A Closer Look At China-EU Relations Shows A Need for EU Unity - Emerging Market Views

A Closer Look At China-EU Relations Shows A Need for EU Unity

The yet-to-be resolved trade war between the United States and China has dominated the headlines and the financial markets’ consciousness relentlessly for the past year, making it easy to forget there is another large economy that also has ongoing issues with Beijing – the European Union (EU).

But while the Trump administration leveraged punitive import duties to force China to the negotiating table, the EU appears to be giving diplomacy a go in shaping the future relationship with its second largest trading partner.

Ahead of the April 4 EU-China summit, the European Commission published a paper staking out its position on how to reshape economic links between both sides. The paper will be presented to EU heads of state later this month, and includes actions the Commission wants EU leaders and the European Parliament to pursue in engaging with China.

This comes on the back of what has been a disjointed approach so far to Europe’s dealings with the world’s second largest economy. On the one hand you have regional powerhouse Germany who, like the U.S., is wary of Chinese acquisitions or investments in key sectors of its economy, and has been quick to veto deals it views as national security risks.

Then you have countries like Portugal, who is eager to attract foreign direct investment from China to boost an economy still recovering from the wounds inflicted by the 2012 eurozone debt crisis.

Acknowledging this reality, the paper warns that neither the EU nor any of its members will effectively achieve their aims with China without “full unity,” and that any agreements reached must remain consistent with EU rules and policies.

In recognition of the “unprecedented scale and speed” of China’s growing economic power and political clout, the EU Commission declares that China can no longer be viewed as a developing country, but a “key global actor and leading technological power.”

“Its increasing presence in the world, including in Europe, should be accompanied by greater responsibilities for upholding the rules-based international order, as well as greater reciprocity, non-discrimination, and openness of its system,” the paper argues.

The call for fair treatment and increased market access for European companies echoes demands made by the U.S. in its talks with China, underscoring how President Trump’s preference for a ‘go it alone’ strategy should be viewed as a missed opportunity to team-up with the EU and exert even greater pressure on China.

Of the ten actions listed in the paper for European leaders to endorse, several cover economic and investment activity that could have broader ramifications. On the issue of reciprocal trade and a balanced relationship, for instance, the EU accuses China of becoming a strategic competitor “while failing to reciprocate market access and maintain a level playing field” – especially in financial services.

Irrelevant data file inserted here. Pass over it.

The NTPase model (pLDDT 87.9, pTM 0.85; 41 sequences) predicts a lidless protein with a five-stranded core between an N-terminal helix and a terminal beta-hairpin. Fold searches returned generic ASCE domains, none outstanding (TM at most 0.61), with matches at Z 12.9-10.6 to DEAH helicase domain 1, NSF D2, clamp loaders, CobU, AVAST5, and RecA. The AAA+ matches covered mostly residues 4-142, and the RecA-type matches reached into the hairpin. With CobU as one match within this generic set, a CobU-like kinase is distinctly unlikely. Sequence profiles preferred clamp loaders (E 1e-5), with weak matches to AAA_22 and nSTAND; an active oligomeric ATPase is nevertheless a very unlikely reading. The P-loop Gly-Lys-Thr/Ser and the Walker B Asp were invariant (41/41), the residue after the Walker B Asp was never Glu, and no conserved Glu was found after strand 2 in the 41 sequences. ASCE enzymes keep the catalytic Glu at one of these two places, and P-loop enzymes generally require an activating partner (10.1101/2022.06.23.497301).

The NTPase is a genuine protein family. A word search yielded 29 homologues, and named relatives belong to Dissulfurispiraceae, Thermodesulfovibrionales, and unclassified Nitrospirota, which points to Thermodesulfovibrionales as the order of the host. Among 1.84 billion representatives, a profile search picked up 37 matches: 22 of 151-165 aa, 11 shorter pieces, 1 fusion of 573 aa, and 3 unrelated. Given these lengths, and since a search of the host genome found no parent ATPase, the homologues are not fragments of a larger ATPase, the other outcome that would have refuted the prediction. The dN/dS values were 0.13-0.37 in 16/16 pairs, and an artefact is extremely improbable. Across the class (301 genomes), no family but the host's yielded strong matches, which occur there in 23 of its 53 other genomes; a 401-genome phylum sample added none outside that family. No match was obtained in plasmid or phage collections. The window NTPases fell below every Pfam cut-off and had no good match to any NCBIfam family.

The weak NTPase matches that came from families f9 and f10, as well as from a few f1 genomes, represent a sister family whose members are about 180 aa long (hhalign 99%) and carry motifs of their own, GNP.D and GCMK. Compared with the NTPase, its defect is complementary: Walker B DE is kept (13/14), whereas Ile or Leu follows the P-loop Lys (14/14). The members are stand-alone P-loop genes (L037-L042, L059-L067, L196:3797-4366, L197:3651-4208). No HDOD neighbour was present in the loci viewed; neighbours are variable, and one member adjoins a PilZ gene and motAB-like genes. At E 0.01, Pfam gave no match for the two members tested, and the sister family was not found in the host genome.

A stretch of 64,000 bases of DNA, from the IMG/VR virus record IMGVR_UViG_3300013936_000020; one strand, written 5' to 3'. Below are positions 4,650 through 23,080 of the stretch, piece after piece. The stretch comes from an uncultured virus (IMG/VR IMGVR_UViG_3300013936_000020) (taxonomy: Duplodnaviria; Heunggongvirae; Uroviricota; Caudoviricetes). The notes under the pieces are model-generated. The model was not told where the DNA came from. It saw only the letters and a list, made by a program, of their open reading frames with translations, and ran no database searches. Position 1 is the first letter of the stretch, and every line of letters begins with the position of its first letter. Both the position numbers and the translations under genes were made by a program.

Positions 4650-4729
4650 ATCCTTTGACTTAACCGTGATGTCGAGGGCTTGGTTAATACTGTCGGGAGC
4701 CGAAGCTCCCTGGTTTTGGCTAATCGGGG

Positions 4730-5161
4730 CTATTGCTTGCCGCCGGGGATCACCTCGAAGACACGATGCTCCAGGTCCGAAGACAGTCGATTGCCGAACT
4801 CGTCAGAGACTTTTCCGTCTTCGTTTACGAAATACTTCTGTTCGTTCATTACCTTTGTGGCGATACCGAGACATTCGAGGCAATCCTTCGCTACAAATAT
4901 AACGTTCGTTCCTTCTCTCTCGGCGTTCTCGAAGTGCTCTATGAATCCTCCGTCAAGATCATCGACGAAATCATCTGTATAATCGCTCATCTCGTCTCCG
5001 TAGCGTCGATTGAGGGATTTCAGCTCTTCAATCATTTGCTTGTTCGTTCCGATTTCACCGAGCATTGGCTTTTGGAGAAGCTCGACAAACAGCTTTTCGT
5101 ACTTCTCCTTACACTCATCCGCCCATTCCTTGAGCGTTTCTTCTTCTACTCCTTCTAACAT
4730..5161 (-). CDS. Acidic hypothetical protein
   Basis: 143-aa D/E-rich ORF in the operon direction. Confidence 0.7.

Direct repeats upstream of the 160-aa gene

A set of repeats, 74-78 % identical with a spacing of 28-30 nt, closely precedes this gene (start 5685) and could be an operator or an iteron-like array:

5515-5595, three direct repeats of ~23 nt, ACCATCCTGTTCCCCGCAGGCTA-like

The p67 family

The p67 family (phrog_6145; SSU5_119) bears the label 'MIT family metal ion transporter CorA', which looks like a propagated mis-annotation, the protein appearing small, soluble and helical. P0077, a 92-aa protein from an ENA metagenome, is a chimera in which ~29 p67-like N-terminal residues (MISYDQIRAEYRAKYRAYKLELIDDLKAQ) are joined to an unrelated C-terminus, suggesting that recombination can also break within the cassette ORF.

Both sides have been locked in negotiations over a ‘Comprehensive Agreement on Investment’ since 2013, which is intended to resolve issues like the above, provide legal certainty, and facilitate a greater investment flow between both parties. The EU Commission expects “substantial progress” in the negotiations this year, with the goal of concluding an agreement in 2020.

But it is clear the EU wants to adopt a tougher stance in dealing with China, not just relying on multilateral discussions and one-on-one talks. To achieve more balance in the relationship, the paper also advocates the use of “recently modernised and strengthened trade defence instruments” – anti-dumping and anti-subsidy regulations developed to protect European businesses from the harmful effects of non-EU imports flooding the market.

The Commission is also urging the European Parliament and EU Council to quickly adopt updated rules on export control, arguing it will boost the ability of customs authorities to halt the exports of key technologies, while also screening FDI in critical assets, technologies and infrastructure to identify security risks.

Once again – notice the recurring theme here – this matches the main conclusion from a report last month by the U.S.-China Economic and Security Review Commission, a group created by Congress in 2000 to monitor the national security implications of the relationship between the United States and China. The report, focused on the development of China’s biotech sector, said the US needs to address concerns arising from China’s current government policy moves, “including better screening of investment and other engagements for potential national security risks and the protection of sensitive data.”

The EU’s relationship with China is a complex one, with the Commission noting both sides sometimes closely aligned with similar goals, but are also economic competitors – particularly in the advanced technology sector, as well as rivals with diametrically opposed political systems.

“The EU will use links across different policy areas and sectors to exert more leverage for its objectives. Both, the EU and its Member States can achieve their aims concerning China only in full unity,” the report concludes.